Special Issue on: "Developments in 3D Food Printing for People with Special Dietary Needs"
Prof. Abbas Kouzani Deakin University, Australia
Assoc. Prof. Bronwyn Hemsley, The University of Newcastle, Australia
Prof. Susan Balandin, Deakin University, Australia
3D food printing is emerging as a high-resolution computer-aided-design and additive-manufacturing approach for producing food products. The benefits offered by 3D food printing include custom design and production of visually appealing foods, making foods for people with special mealtime needs, a reduction in design and fabrication time and cost, and a decrease in the dependency on skilled personnel among others.
While a host of 3D food printing research work has been published, the majority of the current work has been focused on technology development and experimenting with printing food samples. Thus so far, only a few efforts have been spent on tailoring 3D food printing for satisfying the dietary requirements of specific groups of people.
Particularly, there exist several groups of people who have requirements for foods with specific composition and handling process including: babies and toddlers, elderly people, pregnant women, people with swallowing difficulty, people with a weakened immune system, people on diets people with food allergies, people with gluten sensitivity, and athletes.
3D food printing can be used to address the special dietary requirements of these groups of people by automating the design and production of food, improving the consistency and repeatability of food characteristics including texture and moisture, enhancing the taste sensory experiences in the meal, and producing visually attractive food.
This special issue seeks research contributions that describe the achievements in building 3D printers for producing food, and will report on the exercises in 3D printing of food products for people with special dietary requirements. We invite contributions from the engineering, materials, exercise and nutrition, and medical researchers and relevant industries, and welcomes both fundamental as well as applied research contributions.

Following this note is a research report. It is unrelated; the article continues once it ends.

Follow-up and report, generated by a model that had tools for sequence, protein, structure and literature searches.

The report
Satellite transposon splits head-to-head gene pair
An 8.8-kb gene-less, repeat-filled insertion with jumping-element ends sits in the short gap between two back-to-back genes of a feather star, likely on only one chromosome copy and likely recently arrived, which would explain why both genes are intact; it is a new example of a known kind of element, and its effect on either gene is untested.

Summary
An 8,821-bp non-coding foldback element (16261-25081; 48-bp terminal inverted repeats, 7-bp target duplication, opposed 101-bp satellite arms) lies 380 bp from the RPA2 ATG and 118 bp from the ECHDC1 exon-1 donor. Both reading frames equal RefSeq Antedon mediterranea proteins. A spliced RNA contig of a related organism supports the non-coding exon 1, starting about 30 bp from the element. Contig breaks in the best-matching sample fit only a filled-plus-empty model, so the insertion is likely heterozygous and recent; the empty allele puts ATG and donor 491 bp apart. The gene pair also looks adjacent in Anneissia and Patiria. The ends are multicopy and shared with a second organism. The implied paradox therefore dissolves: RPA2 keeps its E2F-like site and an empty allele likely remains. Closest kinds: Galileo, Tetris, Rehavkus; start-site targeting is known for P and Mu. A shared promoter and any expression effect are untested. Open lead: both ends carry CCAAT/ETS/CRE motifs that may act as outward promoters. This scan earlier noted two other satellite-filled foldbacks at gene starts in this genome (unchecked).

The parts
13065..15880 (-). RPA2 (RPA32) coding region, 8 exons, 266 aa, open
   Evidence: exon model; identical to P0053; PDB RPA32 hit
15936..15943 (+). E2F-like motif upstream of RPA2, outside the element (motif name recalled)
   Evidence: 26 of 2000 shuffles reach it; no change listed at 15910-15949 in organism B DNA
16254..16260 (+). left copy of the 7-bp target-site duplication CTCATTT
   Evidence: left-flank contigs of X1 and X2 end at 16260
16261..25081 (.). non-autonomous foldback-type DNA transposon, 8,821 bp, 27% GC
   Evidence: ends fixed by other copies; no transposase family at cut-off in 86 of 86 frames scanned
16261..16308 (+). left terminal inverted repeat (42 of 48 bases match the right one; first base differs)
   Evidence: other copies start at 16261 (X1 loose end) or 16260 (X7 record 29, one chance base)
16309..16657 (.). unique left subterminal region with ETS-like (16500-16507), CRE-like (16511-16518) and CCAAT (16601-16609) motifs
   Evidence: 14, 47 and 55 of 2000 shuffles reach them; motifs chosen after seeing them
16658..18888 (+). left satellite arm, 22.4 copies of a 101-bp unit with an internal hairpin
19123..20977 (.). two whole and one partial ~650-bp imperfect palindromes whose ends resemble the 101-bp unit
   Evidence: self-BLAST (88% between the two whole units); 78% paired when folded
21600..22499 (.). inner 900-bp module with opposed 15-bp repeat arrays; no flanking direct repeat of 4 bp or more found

Suitable topics include, but are not limited, to the following:
- Construction of 3D food printers
- Design of hardware for 3D food printers
- Design of software for 3D food printers
- Design of food fabrication techniques
- Formulation of multi-material food printing
- Investigation of materials for 3D food printers
- Integration of all preparation, printing, and cooking processes
- Optimisation of 3D food printing time and cost
- 3D printed food for babies and toddlers
- 3D printed food for elderly people
- 3D printed food for pregnant women
- 3D printed food for people with swallowing difficulties
- 3D printed food for people with a weakened immune system
- 3D printed food for people on diets
- 3D printed food for people with food allergies
- 3D printed food for people with gluten sensitivity
- 3D printed food for athletes
- Overview of technologies, development, and applications of 3D food printers
- Health and safety aspects of 3D food printing
- Ethical aspects of 3D food printing
- Consumer views of 3D printed food
Notes for Prospective Authors
Submitted papers should not have been previously published nor be currently under consideration for publication elsewhere. (N.B. Conference papers may only be submitted if the paper has been completely re-written and if appropriate written permissions have been obtained from any copyright holders of the original paper).
All papers are refereed through a peer review process.
All papers must be submitted online. To submit a paper, please read our Submitting articles page.
Manuscripts due by: 31 December, 2016
Notification to authors: 31 March, 2017
Final versions due by: 31 May, 2017